By Jim Schutze
By Rachel Watts
By Lauren Drewes Daniels
By Anna Merlan
By Lee Escobedo
By Eric Nicholson
That's not an attack on the quality of shows being presented by the theater center and the opera. I'm not suggesting they don't deserve 500 Inc. money; I suggest that, relatively speaking, they don't need it as much as many groups. We're talking about two organizations that have the political and corporate clout to build new homes for themselves in downtown Dallas, assuming local voters give their approval in bond elections. (A $10.5 million bond proposal for land acquisition for new homes for the theater center and opera goes before voters in May.) Would either multimillion-dollar organization miss $20,000 a year? They might say yes--times are tough financially all over for performing arts. But I challenge both groups to be chivalrous and forgo their 500 Inc. contributions in the name of assisting the little guys, whose flourishing would, in turn, make our city a more inviting place for the international performers the theater center and opera bring in. This would be especially appropriate as the opera and the theater center are subsidized by Dallas taxpayers.
The Dallas Morning News recently ran an editorial on "What Makes a City Livable." If the Morning News is really interested in making Dallas more livable, it can stop flying stage critic Lawson Taitte out to New Jersey for lengthy articles on how great downtown performance centers are, and start directing him toward a more nuanced examination of local performers. The newspaper can face Dallas' inferiority complex about culture--and overcome it--if it acknowledges how much talent we have here and realizes that paying less attention to international artists and more to our own will, conversely, stir up the interest of outsiders. Most importantly, as a major supporter of 500 Inc., the theater center, and the opera, the Morning News can play a key role in helping make Dallas more livable for its resident stage artists by nudging more money toward those who barely eke out a living, yet create provocative theater. That's how you slowly, patiently create a scene that earns a national reputation.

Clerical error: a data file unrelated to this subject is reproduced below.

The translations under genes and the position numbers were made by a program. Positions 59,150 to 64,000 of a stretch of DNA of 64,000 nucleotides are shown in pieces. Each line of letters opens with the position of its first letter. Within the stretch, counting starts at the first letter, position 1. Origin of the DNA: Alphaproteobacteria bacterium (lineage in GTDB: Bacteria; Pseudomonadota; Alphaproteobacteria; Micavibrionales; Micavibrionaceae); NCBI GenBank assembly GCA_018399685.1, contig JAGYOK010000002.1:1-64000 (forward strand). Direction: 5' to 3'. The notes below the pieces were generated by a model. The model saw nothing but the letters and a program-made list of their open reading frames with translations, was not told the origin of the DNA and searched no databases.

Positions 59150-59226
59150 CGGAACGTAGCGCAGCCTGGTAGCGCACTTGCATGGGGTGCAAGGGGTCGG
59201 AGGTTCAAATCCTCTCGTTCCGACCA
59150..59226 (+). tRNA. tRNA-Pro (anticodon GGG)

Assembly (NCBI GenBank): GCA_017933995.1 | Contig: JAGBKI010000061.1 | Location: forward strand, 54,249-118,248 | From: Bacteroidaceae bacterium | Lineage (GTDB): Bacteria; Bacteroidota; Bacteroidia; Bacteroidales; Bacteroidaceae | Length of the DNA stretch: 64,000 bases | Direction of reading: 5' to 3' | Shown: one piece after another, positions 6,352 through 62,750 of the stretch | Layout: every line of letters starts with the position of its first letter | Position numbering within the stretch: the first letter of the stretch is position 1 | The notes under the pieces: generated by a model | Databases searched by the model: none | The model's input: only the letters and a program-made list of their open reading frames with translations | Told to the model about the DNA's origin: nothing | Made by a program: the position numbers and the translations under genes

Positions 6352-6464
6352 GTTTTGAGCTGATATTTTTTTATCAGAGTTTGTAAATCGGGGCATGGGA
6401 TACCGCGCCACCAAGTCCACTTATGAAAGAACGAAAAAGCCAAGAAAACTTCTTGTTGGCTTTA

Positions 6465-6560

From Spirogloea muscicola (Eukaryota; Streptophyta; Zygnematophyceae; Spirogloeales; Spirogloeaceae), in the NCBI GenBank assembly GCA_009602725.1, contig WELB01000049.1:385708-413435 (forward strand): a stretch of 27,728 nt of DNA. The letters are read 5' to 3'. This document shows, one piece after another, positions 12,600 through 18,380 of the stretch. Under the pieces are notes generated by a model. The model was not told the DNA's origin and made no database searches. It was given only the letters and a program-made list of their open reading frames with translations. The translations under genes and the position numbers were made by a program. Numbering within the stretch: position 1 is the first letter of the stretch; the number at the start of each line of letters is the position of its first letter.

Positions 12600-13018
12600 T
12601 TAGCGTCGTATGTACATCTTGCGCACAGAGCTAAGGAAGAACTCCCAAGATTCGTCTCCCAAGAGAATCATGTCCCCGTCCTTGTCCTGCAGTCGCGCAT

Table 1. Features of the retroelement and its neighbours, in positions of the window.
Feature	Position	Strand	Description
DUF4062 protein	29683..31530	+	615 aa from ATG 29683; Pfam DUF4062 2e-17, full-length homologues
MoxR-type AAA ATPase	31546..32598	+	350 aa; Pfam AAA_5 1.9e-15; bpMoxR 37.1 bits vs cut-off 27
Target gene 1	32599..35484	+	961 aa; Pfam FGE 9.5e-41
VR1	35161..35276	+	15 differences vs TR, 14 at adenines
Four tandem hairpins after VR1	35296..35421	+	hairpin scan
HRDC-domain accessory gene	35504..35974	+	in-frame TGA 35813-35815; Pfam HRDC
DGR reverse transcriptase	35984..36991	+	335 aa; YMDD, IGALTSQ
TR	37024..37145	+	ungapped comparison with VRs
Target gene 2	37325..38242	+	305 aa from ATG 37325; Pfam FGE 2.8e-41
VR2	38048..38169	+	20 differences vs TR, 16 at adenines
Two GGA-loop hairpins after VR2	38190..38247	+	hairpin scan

The 500 Inc. is in a prime position to lead the way on this one, if they just reconsider some basic assumptions behind their funding system. That process might include confronting their own reputation (fair or unfair, you hear it from many different corners) as an organization whose main goal is hobnobbing with opera and symphony board members, not cultivating artistic visions. Cliff Redd and the 500 Inc.'s top brass, the long-term serious-as-a-heart-attack volunteers who sit on the funds distribution committees, could lead the move in this direction.
All this would entail a certain deferred gratification--the process of building a world-class cultural scene isn't as big an ego stroke as living in one. Picking up empty soda cans after a show at the Swiss Avenue Theater is a helluva lot less glamorous than chatting up opera director Plato Karayanis or the theater center's Richard Hamburger at a cast party. But over the long haul, it contributes more to the kind of glamour that counts--the confidence that your city is doing something unlike any other city in the country. When you radiate that kind of pride, outsiders start to notice.